Walking onto a High Tech High campus is like entering a workshop. Our tour guide, sophomore Caroline Egler, pointed out classrooms that supposedly housed physics or humanities, but most students weren’t in those rooms. They were in the hallways working on projects, huddled around computers together, or even working at desks standing eight feet tall so they towered above the floor. It was chaotic, but not out of control.
Students seemed to be working with purpose, even if it was not immediately obvious what they were doing.
This Reporter Found School District’s Secret ‘Blacklist’
Qualified teachers say they were unfairly kept out of Tucson Public Schools' classrooms (EWA Radio: Episode 156)
For decades, rumors swirled that the Tucson, Arizona, school district had a secret roster of former employees on a “do not hire” list, even though they never had faced serious disciplinary measures. Arizona Daily Star education reporter Hank Stephenson put some mysterious pieces together and brought the list to light. Among the clues: an off-hand comment Stephenson heard by a trustee at the close of a school board meeting.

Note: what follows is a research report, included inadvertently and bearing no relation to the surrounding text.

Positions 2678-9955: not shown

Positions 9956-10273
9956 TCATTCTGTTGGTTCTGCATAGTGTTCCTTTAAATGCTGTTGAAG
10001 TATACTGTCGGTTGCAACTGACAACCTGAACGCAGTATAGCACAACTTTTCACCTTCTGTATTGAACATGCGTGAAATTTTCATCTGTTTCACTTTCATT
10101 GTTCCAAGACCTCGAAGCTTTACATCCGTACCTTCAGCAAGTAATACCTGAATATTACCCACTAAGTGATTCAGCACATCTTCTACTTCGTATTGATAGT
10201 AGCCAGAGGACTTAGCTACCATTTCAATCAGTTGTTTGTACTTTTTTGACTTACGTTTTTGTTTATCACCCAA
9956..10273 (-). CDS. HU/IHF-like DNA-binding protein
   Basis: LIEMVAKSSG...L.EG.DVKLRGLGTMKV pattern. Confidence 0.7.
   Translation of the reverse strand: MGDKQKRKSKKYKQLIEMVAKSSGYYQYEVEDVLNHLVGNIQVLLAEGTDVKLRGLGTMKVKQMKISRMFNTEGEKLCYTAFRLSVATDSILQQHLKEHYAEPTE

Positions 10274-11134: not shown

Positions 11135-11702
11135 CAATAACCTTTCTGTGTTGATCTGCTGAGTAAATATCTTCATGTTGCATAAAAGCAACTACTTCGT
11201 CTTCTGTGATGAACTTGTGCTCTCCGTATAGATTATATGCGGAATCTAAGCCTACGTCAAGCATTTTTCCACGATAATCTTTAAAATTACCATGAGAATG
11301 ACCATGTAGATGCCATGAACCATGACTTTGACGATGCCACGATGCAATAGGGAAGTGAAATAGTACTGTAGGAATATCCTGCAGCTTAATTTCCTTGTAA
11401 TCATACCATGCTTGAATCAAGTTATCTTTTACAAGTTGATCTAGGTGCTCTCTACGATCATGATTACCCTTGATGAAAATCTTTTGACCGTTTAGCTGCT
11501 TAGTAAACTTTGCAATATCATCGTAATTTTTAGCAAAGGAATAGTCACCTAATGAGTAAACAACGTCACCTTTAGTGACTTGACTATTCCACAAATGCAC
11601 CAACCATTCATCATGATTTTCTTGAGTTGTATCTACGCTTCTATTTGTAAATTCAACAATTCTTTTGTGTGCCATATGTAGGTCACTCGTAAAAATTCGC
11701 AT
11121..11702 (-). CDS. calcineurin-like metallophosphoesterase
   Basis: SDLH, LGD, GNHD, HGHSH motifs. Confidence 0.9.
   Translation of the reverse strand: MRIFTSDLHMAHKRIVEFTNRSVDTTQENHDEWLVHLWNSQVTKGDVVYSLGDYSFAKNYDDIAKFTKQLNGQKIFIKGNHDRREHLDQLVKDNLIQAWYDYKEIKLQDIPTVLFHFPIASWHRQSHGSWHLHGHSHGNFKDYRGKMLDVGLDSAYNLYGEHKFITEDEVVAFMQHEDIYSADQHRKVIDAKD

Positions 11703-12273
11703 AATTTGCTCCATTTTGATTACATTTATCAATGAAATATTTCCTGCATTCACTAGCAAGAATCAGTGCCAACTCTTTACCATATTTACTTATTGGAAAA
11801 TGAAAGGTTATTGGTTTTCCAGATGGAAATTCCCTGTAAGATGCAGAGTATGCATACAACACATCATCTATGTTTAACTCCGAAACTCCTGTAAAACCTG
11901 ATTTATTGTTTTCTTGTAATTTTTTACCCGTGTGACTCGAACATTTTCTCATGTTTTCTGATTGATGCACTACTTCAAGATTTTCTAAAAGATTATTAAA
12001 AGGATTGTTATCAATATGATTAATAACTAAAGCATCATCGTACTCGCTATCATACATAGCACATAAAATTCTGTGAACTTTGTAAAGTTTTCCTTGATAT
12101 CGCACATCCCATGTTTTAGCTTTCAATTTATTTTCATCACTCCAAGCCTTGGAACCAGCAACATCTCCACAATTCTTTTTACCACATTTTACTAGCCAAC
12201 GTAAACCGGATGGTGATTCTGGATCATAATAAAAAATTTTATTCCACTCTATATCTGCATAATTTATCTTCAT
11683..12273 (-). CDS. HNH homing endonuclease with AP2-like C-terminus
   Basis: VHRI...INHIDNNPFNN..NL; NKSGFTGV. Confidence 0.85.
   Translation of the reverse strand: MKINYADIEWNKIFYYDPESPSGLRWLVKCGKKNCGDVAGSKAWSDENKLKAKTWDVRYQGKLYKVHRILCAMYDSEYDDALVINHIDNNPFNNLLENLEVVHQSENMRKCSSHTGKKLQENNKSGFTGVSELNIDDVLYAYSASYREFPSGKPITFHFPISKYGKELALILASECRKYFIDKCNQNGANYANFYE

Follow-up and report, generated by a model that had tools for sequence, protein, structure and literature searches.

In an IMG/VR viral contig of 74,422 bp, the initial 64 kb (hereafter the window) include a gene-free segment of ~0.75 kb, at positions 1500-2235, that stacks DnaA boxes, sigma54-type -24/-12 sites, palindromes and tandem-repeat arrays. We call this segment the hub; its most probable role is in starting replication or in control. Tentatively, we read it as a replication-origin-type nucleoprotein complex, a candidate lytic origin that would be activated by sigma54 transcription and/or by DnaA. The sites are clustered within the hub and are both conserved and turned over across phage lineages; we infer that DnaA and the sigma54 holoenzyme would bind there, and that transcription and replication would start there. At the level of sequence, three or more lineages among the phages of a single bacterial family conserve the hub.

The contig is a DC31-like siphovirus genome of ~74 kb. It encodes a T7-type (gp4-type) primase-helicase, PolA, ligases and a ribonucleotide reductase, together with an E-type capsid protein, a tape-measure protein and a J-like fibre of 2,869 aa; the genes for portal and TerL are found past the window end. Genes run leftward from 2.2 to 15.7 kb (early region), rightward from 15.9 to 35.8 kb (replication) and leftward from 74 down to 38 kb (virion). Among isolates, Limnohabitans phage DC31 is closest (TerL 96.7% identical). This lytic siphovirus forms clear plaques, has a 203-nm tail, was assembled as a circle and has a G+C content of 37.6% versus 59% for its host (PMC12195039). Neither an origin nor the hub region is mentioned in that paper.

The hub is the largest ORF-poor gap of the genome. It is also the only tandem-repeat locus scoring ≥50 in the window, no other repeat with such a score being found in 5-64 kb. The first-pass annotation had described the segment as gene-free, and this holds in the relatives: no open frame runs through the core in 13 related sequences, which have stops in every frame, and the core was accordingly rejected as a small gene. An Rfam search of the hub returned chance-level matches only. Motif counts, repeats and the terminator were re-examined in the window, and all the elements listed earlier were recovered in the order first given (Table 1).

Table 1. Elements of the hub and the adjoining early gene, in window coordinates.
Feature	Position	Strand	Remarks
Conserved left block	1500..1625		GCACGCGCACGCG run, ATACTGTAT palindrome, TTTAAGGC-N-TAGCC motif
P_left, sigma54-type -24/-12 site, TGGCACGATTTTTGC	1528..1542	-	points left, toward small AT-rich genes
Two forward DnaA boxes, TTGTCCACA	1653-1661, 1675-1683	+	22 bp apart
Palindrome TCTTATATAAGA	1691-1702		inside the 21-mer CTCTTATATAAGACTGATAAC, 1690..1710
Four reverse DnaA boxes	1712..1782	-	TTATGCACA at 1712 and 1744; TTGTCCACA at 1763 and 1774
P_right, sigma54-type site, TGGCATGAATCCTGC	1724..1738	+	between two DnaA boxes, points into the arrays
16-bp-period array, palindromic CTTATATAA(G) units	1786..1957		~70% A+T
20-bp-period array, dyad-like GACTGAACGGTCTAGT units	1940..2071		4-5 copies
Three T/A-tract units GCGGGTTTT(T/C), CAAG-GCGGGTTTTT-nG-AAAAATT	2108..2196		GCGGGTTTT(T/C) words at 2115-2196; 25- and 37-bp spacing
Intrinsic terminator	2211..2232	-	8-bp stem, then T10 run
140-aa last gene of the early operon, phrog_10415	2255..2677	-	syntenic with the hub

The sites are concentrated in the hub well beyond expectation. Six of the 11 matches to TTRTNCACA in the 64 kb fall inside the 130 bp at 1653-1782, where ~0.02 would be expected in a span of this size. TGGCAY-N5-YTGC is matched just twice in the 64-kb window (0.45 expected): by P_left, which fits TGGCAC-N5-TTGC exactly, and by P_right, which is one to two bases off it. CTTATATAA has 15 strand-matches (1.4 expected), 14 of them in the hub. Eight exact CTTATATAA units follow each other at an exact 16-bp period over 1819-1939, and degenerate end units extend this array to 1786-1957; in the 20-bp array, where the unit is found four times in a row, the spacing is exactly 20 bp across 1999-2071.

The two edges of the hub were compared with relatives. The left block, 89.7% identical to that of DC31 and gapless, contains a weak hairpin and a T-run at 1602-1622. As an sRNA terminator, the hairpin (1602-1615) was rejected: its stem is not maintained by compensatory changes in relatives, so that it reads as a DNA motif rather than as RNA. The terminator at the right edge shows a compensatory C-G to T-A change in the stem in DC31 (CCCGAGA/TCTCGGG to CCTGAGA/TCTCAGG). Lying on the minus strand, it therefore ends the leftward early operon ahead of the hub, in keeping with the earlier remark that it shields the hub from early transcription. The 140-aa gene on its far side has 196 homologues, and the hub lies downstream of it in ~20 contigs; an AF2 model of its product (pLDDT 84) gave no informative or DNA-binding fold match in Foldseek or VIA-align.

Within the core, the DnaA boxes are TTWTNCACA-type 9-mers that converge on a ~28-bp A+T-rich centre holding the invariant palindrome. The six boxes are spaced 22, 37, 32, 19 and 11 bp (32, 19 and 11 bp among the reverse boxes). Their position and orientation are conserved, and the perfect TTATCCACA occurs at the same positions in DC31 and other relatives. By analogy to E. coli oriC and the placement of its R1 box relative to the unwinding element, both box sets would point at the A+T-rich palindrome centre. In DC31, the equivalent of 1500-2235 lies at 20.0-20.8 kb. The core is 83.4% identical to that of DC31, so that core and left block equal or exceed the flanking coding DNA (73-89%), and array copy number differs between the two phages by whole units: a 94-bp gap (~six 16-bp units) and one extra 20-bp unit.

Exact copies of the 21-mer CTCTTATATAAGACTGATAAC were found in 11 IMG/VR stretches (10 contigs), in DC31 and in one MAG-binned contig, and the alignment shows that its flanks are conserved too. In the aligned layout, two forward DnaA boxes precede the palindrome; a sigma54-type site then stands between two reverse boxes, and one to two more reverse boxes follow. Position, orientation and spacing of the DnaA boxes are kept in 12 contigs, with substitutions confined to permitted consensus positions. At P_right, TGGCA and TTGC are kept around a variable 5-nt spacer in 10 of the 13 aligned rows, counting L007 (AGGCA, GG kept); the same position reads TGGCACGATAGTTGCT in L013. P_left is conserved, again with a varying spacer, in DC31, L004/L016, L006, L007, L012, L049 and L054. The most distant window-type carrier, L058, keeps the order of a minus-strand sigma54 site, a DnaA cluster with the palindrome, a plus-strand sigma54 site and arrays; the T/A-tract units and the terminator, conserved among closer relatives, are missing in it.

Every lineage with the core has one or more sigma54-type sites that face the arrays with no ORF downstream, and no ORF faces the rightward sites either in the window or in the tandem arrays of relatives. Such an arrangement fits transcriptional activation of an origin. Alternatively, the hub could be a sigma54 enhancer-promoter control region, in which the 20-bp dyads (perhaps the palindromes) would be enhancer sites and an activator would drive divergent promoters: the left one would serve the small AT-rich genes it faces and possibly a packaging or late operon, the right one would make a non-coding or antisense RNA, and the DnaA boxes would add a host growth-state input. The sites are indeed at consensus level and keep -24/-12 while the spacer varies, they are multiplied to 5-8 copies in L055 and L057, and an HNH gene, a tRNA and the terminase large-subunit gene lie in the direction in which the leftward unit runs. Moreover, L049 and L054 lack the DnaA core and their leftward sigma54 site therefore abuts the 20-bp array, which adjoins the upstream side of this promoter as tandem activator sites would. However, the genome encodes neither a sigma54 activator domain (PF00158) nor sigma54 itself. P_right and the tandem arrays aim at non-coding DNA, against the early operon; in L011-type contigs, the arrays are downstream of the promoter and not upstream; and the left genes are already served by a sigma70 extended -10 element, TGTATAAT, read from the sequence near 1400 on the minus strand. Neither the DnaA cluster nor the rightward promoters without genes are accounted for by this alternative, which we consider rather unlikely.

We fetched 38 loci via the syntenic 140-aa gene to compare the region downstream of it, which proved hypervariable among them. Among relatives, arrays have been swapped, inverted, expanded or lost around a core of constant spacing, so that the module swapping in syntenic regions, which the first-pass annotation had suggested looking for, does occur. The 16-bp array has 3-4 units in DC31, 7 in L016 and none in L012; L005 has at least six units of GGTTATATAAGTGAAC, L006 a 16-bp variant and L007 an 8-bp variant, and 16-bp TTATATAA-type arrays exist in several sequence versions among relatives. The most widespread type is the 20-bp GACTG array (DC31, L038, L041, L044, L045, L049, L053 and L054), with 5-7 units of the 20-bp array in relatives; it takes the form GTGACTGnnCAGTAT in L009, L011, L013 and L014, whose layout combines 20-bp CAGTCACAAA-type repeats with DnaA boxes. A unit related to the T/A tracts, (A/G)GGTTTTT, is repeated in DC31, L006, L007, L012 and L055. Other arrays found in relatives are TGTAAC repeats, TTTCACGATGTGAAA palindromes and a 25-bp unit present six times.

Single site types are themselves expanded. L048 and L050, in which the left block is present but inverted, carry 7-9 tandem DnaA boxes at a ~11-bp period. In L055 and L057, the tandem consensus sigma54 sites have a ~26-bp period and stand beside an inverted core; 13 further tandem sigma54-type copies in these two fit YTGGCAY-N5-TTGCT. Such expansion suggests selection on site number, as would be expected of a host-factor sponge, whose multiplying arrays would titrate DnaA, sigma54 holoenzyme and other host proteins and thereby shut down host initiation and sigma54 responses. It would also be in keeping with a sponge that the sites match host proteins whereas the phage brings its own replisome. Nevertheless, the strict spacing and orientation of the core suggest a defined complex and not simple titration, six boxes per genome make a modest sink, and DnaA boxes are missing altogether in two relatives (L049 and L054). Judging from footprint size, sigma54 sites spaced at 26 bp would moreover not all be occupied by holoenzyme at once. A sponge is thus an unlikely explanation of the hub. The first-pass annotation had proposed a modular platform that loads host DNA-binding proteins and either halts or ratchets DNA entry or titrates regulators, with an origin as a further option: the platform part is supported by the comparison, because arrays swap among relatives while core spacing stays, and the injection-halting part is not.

“Word on the Beat” is a regular feature of The Educated Reporter, breaking down the buzzwords and helping you understand the issues of the day. Send your suggestions to firstname.lastname@example.org
Word on the Beat: Career and technical education (CTE).